The Philosopher’s Stone

Elton Wong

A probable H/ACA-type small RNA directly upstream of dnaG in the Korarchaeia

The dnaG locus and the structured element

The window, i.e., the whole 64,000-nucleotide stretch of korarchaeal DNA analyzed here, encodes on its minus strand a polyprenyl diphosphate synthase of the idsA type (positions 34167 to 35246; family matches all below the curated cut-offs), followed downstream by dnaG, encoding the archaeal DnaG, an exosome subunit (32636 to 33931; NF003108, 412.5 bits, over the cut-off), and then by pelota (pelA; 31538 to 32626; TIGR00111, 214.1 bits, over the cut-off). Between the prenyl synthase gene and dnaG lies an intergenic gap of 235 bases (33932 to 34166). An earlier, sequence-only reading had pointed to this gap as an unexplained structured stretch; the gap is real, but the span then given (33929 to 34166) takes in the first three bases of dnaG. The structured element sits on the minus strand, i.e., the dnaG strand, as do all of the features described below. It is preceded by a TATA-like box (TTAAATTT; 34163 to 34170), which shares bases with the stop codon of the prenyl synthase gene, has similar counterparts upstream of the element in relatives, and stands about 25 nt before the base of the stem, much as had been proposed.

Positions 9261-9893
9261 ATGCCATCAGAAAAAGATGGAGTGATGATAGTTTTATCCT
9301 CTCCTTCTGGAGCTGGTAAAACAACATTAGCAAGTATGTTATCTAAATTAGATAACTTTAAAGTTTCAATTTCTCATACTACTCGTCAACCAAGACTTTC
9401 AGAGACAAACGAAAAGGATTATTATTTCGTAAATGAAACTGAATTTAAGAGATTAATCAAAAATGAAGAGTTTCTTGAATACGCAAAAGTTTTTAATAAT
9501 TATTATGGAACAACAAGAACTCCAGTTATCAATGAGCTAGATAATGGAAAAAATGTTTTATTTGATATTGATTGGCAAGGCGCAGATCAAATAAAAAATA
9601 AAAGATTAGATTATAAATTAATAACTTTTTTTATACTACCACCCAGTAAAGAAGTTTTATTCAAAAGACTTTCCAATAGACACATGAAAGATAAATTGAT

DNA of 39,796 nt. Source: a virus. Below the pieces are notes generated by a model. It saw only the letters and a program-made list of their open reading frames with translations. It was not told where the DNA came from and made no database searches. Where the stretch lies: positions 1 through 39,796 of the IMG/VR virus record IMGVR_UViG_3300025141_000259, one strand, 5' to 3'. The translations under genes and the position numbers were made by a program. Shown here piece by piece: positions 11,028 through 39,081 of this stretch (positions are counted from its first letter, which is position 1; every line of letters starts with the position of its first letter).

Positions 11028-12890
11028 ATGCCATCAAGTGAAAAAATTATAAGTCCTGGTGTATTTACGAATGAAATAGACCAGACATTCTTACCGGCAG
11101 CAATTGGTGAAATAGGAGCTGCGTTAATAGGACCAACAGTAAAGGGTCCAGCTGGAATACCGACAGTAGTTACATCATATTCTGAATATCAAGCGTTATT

As a major in genetics and philosophy, I get a good number of odd looks when I tell people what I do. Most people, after hearing that, either ask “What do you plan on doing with that?” or “What’s philosophy?” I suppose the more interesting question I get once in awhile is “Is there a lot of overlap between the two?”There have been a couple of items in the news recently that might seem to involve both of these fields: human cloning and the completion of the sequencing of the human genome. Both issues involve genetics, and a bit of philosophy is helpful to understand both.Let’s start with the human genome project. It’s tempting to think that the newly sequenced human genetic code would be loaded with all kinds of philosophical significance. After all, philosophers, theologians and thinkers of all kinds have long struggled with the question, “What is a human?” It would be tempting to think that the genome would contain these answers, after all, DNA has long been referred to as “the code of life.”Unfortunately, the genome really can’t tell us all that much about who we are, which is not to say that it isn’t interesting. As with most scientific breakthroughs, the sequencing of the genome tends to deflate the human sense of self-importance.To start with, most of the DNA in a person is garbage in the strictest sense of the word. Only 3 percent of the genome is actual genes that code for proteins. The other 97 percent consists mostly of weird, useless stuff. There are seemingly endless strings of short sequences repeated over and over that probably resulted from accumulated copying errors. Our cells contain pieces of DNA from viruses that were inserted into our genome through infections long ago. Some 15 to 20 percent of our DNA is in the form of transposons, which are kind of like genome gremlins that do nothing but splice themselves randomly in and out of our DNA.Clearly though, the completion of the sequence is an important scientific breakthrough. Researchers working on diseases with genetic causes can work on a finer level of detail. Parkinson’s, autism and sickle-cell anemia are just a few of the diseases that may one day be treated at the genetic level.Those who seek to find deep meaning in DNA are sure to be disappointed, however. Much has been made of the fact that all humans are 99.99 percent identical at the genetic level. Some have even suggested that this information will deter racists, who dwell on differences. Somehow, I am pessimistic. If someone is dead-set on drawing lines between people and dividing them up, they will be able to make a great deal out of that 0.01 percent genetic variation. At least, they will be able to convince themselves.Genetics treatments, brought to attention in wake of the genome project, also spawn controversy. Currently, scientists are working on therapies for fetuses in the womb; it is hoped that genetics treatments will be able to correct flaws that would otherwise be dangerous or fatal. This seemingly innocuous form of medicine has opened the door to a whole new set of questions. Will parents be able to pick the genes for their babies? Will people, one day, pick features on their children the way we pick options on cars?The issue of human cloning involves similar questions. Although the mechanics of cloning are closer to cell-transplantation than to hard-core genetics, the worries are similar. Growing a new person from a cell taken from an adult strikes some people as “playing God” or interfering with the “natural order of things.”Ultimately, these accusations only cloud the real issues at hand. Saying that genetic medicine or human cloning “lets humans play God” is a meaningless statement. If in vitro fertilization and heart transplants don’t violate the natural order, then why would these new technologies? What is the real difference?First of all, cloning isn’t nearly as exciting as it first sounds. The technique merely allows an egg cell to be infused with the DNA from some other source. This egg cell can then be implanted into a womb and allowed to grow into a new person, if everything goes well.There are certainly valid concerns regarding biotechnology. Dolly, the first cloned mammal, was created only after 277 failed attempts. Animal clones are often born deformed and unhealthy. In the same way, large-scale genetic alteration of fetuses could have unpredictable effects. Like all technology, genetics can be used to do bad things, whether intentionally or not. Clearly, the creation of unhealthy humans is unacceptable, even when the best of intentions are involved. This does not mean, however, that research exploring these areas should be banned or thought of as wrong. If carefully done, genetic therapy will be able to treat many diseases and expand the ability of medicine to help people. Cloning-related techniques may one day be able to create new neurons for paralyzed patients, or new livers for cancer patients.One way to start thinking more clearly about these issues is to realize that people are more than DNA. People talk about the genome sequence as if it contained everything “human” about us. People talk about cloning as if it were the same as replicating a person.It is more accurate to think of these scientific breakthroughs as new medical and scientific tools. Like all tools, they can be used to help people or take away their dignity and hurt them. Humans are much more than DNA, but the proper application of genetic technology will be able to add to the quality of human life. The way I see it, all worthwhile pursuits and all fields of study work towards this goal.Elton Wong is a senior in genetics and philosophy.